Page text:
I have so much need and room for improvement in my spiritual life. Every day, I want to look more like Jesus. I want people to see Him when they look at me. If they do, He will be pleased and they just might be saved. Let’s work on our appearance! It may mean eternal life for somebody in our life.
“It’s all about me.” I would see that saying on a car tag frame nearly every day. Is that really the message we need? Aren’t we self-centered enough, as it is? Truly, the man who lives only for himself runs a very small business. What a bankrupt business it is, at that.
According to the Bible, it’s hardly about the individual at all. In fact, the Lord makes a strong point of it to call our attention to others. Paul says, “Do not merely look out for your own personal interests, but also for the interests of others” (Phil. 2:4). “Selfish ambition” is condemned in Scripture (Phil. 1:17; Gal. 5:20). In fact, James says, “For where envying and strife (literally, “selfish ambition”) is, there is confusion and every evil work” (Js. 3:17).
That is both provable and measurable. Abortion is a horrid, evil practice–the most literal way one could shed innocent blood (cf. Prov. 6:17). What is at the heart of the commission of every such abomination–whether one pleads inconvenience or hardship or any other reason given? Self-interest is. Selfishness is putting self above others, in this case taking another human life to protect selfish interest.
Adultery is a contemptible crime, ripping families apart and giving what may be the most intimate heartbreak a human is capable of experiencing. What compels someone to lie to God and others (breaking vows and covering indiscretions)? What drives one to fill physical and emotional wants in ways that fly in the face of God’s written will? Selfishness does! For that matter, selfishness drives every sexual sin, every departure from God’s design and structure for sexual needs and fulfillment (cf. pornography, homosexuality, fornication, etc.).
Every New Testament writer roundly renounces false teaching (Matthew–7:15; Mark–13:22; Luke–Acts 13:6; Paul–Galatians 2:4; Peter–2 Peter 2:1; John–1 John 4:1; Jude–Jude 4ff; James–2:14ff). Untold millions of people will lose their souls because of false doctrine. Hell will be populated with followers of false teachers (cf. Mat. 7:21-23) and the teachers themselves (cf. Jas. 3:1). The New Testament gives insight into some common motivations that drive men and women to teach false doctrine. The motives are so often selfish. Jude says of them, “Woe to them! For they have gone the way of Cain, and for pay they have rushed headlong into the error of Balaam, and perished in the rebellion of Korah” (11). Greediness propels fold to “practice every kind of impurity” (Eph. 4:19). What is the problem? Often, it is unmixed, shameless selfishness.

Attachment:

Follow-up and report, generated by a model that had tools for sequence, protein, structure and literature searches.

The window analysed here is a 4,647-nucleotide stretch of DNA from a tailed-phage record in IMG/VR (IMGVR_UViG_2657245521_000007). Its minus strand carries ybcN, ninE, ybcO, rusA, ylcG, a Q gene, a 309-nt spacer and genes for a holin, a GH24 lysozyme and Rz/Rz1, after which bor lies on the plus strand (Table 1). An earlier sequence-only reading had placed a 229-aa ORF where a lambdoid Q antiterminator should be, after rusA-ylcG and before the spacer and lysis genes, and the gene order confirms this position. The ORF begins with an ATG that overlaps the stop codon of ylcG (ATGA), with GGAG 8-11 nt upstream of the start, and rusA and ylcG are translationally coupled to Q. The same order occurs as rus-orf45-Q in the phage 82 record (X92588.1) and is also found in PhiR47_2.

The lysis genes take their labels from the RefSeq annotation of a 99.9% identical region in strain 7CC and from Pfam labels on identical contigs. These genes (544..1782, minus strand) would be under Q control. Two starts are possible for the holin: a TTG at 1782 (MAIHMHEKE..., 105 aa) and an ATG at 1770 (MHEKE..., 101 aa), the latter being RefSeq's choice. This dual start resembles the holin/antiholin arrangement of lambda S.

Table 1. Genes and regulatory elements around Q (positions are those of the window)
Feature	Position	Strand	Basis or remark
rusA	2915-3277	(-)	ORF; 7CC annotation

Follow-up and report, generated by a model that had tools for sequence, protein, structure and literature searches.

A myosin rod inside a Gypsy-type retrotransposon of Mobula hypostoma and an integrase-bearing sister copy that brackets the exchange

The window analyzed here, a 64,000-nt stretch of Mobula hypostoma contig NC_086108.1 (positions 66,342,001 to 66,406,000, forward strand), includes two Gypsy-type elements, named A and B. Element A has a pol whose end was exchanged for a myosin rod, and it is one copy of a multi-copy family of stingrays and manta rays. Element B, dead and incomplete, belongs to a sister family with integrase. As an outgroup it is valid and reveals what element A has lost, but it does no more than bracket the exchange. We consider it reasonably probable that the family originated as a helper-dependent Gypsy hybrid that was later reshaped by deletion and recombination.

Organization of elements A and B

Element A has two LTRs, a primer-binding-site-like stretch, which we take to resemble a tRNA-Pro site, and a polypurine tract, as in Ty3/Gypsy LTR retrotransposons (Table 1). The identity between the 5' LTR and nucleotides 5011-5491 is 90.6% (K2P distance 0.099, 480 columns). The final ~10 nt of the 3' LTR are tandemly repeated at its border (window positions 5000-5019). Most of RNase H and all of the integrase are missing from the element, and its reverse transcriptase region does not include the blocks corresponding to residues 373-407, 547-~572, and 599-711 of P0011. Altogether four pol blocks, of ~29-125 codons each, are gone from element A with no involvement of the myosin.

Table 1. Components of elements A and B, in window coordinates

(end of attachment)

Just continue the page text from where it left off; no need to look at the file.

I will never make it to heaven if my attitude is that “it’s all about me.” It is not all about me. It is all about Him. It is about Jesus–serving Him, obeying Him, and imitating Him. It is about the lost–loving them, teaching them, and winning them. It is about the church–helping it, strengthening it, and supporting it. Selfishness is unattractive, but common. Remember, the one who lives for self alone usually dies the same way.
It is a commendable mixture of righteous indignation, conviction, and affection for the Lord and His church to want to answer all the critics, rebut all the troublemakers, defend all the reputations, and fight all the false teaching out there. Knowing how best to deal with the pot-stirrers or the novel-doctrine-peddlers can cause quite the consternation. Do we answer every allegation and oppose every little quibble? Are there times where the best answer is to simply ignore “one who sows discord among brethren” (Prov. 6:19) or those who attempt to “preach any other gospel” (Gal. 1:9)? That requires great wisdom and judgment as to the specific situations which arise, but it is clear that the Bible has given disciples the counsel to just let some things lie.
A NEGATIVE EXAMPLE: The Pharisees Of Matthew 15. These religious leaders elevated human traditions (1-2,6,9), made their own rules they bound others to follow or else (3-6), had heart problems (7-9), and spoke defiling words (11). They intimidated the disciples, who were concerned that Jesus offended the Pharisees (12). Jesus pointed ahead to the judgment that would determine the nature of their work (13), but counseled His followers to “let them alone; they are blind guides of the blind. And if a blind man guides a blind man, both will fall into a pit” (14). So often, those who strive and divide, as well as those swayed by them, experience the fruit of their work in this life. Others, unheeding of cautions and pleadings to the contrary, find out in the end (cf. 1 Tim. 5:24-25). While the Pharisees ultimately nailed Jesus to the cross, His view of their divisive tactics was to simply “let them alone.”
A POSITIVE EXAMPLE: Peter And John In Acts 5. Gamaliel, a respected teacher of the Law and member of the Sanhedrin Council, weighed in on the work of Peter and John, two faithful gospel preachers. He looked at past movements of those claiming to be someone, Theudas and Judas, and compared them to these followers of Christ. His advice, “stay away from these men and let them alone, for if this plan or action is of men, it will be overthrown; but if it is of God, you will not be able to overthrow them; or else you may even be found fighting against God” (Acts 5:38b-40). While we have no indication that Gamaliel’s advice is inspired, as Caiaphas did (John 11:49ff), it is hard to find fault with his logic. In the case of the apostles in Acts five, their plan and action was of God. In the case of the other two “leaders,” it was of men. Time typically tells. Inspect the fruit. Listen to the words. Watch the attitudes. Discern the actions demanded and urged. Examine it all in the light of carefully studied Scripture.